Sunday, July 24, 2011

Watermelon Coconut Mojito

As I was cutting up a beautiful watermelon for lunch today, it came to me... why is watermelon juice not on the market? The melon is all juice, inexpensive, and oh so tasty. So I decided to make some. Then my dear husband suggested some mint, of course! Then I had a genius mixologist moment... Watermelon Coconut Mojitos!!!

I had some coconut run on hand, mint in the garden, and more watermelon than I needed. Now I don't believe this is technically a Mojito because it doesn't have any lime but I'm going with it because of the muddled mint.

This experiment turned into a super refreshing sip of summer. I couldn't be more pleased!

Here's the recipe for one cocktail. I made a pitcher after I got the portions just right because who wants to go through all this effort for one drink, right?!?!

4 oz. Coconut Rum (I used Cruzan but any brand will do)
4 oz. Watermelon Juice
4 oz. Pelligrino
2 sprigs Mint leaves
1/2 c. ice

To make the juice:

Dice up 1/2 a watermelon and put into blender. I had to do two batches. Use a wooden spoon to smash down the watermelon and get the juices started. Blend to a liquid (not hard at all!)

Then, again working in batches, pour through a wire mesh sieve using a wooden spoon to get all the juices through. This will remove any pulp and make a nice juice. No sugar needed!

Proof that you don't need a beautiful modern kitchen to make great food (and drinks)!

To make the cocktail:

Wash mint leaves and place at the bottom of the glass. Pour in rum. Use a wooden spoon to muddle the leaves and release all the minty goodness.

Add in ice, watermelon juice, & Pellegrino

Cheers to summertime!!!

Sunday, July 17, 2011

Garden Trellis Tutorial

So I have this pile of sticks on the back of our property beside the compost bin from months of old man winter beating on our old trees. Over the winter, we do our best to use the pile for kindling in the fireplace. But come spring, the pile always seems to get bigger.

I was trying to think of ideas of what to do with this pile and then I thought of my Aunt Jean. She made beautiful lattice work for her two front windows out of sticks from her woods. Why couldn't I do that but use it as a trellis for the garden? I'm always tying up perennials with twine as the summer progresses and they get out of control.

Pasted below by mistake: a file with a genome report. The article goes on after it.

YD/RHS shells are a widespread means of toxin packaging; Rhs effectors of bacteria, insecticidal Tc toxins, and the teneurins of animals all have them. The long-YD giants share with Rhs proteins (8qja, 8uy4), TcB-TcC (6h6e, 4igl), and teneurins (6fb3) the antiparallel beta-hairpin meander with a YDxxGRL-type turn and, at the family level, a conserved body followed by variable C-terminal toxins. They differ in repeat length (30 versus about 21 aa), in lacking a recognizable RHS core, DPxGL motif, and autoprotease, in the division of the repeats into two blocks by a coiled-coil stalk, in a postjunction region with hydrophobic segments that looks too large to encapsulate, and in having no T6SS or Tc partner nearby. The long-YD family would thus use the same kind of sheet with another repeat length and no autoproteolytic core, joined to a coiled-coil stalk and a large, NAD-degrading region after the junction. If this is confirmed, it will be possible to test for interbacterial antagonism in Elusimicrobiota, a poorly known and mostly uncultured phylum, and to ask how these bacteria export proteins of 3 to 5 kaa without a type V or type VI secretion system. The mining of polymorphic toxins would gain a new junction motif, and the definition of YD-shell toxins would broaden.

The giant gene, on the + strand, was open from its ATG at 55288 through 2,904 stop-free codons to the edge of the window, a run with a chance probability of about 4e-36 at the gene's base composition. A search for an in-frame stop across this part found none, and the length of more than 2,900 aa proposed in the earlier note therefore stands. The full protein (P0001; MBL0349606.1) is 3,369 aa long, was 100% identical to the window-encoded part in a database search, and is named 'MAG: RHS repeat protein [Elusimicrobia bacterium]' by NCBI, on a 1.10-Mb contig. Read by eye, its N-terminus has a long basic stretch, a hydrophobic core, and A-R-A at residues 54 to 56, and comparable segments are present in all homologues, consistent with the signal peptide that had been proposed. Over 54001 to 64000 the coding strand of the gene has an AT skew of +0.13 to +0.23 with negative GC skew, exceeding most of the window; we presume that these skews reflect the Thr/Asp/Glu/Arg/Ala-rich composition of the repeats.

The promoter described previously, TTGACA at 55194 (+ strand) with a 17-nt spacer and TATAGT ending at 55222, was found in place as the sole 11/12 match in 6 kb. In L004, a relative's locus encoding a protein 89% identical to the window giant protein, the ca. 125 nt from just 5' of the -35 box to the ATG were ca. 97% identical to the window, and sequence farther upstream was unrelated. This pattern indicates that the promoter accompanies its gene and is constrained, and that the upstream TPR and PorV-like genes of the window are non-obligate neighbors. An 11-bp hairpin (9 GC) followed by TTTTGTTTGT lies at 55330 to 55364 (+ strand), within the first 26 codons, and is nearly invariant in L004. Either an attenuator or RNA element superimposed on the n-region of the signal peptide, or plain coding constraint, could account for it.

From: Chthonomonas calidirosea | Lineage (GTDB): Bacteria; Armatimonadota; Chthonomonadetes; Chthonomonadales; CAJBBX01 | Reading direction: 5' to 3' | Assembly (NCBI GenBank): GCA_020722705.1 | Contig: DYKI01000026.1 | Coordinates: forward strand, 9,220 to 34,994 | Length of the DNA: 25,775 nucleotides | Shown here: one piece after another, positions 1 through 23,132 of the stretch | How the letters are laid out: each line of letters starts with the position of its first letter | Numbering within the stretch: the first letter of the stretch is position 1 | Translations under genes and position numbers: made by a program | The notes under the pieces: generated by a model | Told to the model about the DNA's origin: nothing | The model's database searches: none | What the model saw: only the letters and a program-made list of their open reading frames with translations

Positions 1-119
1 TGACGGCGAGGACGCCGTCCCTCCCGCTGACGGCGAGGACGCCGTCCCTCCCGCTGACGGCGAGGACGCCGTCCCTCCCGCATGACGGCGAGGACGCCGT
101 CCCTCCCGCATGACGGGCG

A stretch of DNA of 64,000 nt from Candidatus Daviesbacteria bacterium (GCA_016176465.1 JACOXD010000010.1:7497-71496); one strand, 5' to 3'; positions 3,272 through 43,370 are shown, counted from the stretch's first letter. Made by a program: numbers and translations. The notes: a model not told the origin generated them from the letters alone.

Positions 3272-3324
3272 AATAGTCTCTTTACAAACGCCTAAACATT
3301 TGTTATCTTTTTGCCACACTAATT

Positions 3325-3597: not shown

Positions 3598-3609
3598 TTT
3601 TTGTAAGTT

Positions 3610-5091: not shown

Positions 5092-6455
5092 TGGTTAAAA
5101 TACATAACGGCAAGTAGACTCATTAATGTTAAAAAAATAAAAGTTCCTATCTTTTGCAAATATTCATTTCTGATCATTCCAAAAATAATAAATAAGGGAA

Now, mind you, I did not go to the extreme effort that she did to make them perfect, they're for the garden! But I'm quite pleased with the result.

I also must apologize for the horrible backdrop I used for these pictures (old sheet/drop cloth). I promise I'll do better next time and invest in a nice clean white sheet but I just couldn't wait to get this project finished.

So here are your steps...

Gather a pile of sticks that are relatively straight, and I use that term loosely because you end up tying them together and they sort of straighten out in that process.

Look at the space in which you are going to put your trellis and get a feel for the width. Measure if you like, I didn't.

Lay out your boarder sticks leaving about 6" - 8" at the bottom for the posts to go into the ground. I tried to select sticks that had a sharp edge for the bottom to make it easier to go in the ground. It also helped that we've had a TON of rain this spring!!!

Tie all of the corners with wire. Use an "X" pattern so you go around all sides of the sticks. I used spool wire but really any you may have on hand will do. Try to stay away from a really heavy gauge though, it's harder to get thick wire tight.

Then lay out one row in a diagonal pattern. Again, tie off with wire at the top and bottom of each stick.

Next, lay out another diagonal row going in the opposite direction. Again, tie at the top and bottom of each stick. Also tie a few spots through out the middle to reinforce the trellis.

Finally, use your pruners to clip off the ends of the sticks that hang over the outer edge and position in your garden.

Glow in the Dark Mason Jars

OK, I know I just posted but then I went to my new favorite web site CraftGawker and found this super easy craft.

Right now my older son is totally captivated by fireflies (and crafting). I will be picking up some paint this week to make this craft for sure!

Go to Curbly for "directions"

Grilled Yellow Squash & Creamy Herb Dressing

This past week my mother-in-law had back surgery. It went well and she is home from the hospital. She's getting around quite well but of course has restrictions during her recovery. This weekend we took her dinner and visited for a while. I may have gone above and beyond but really enjoyed the excuse to spend the afternoon in the kitchen.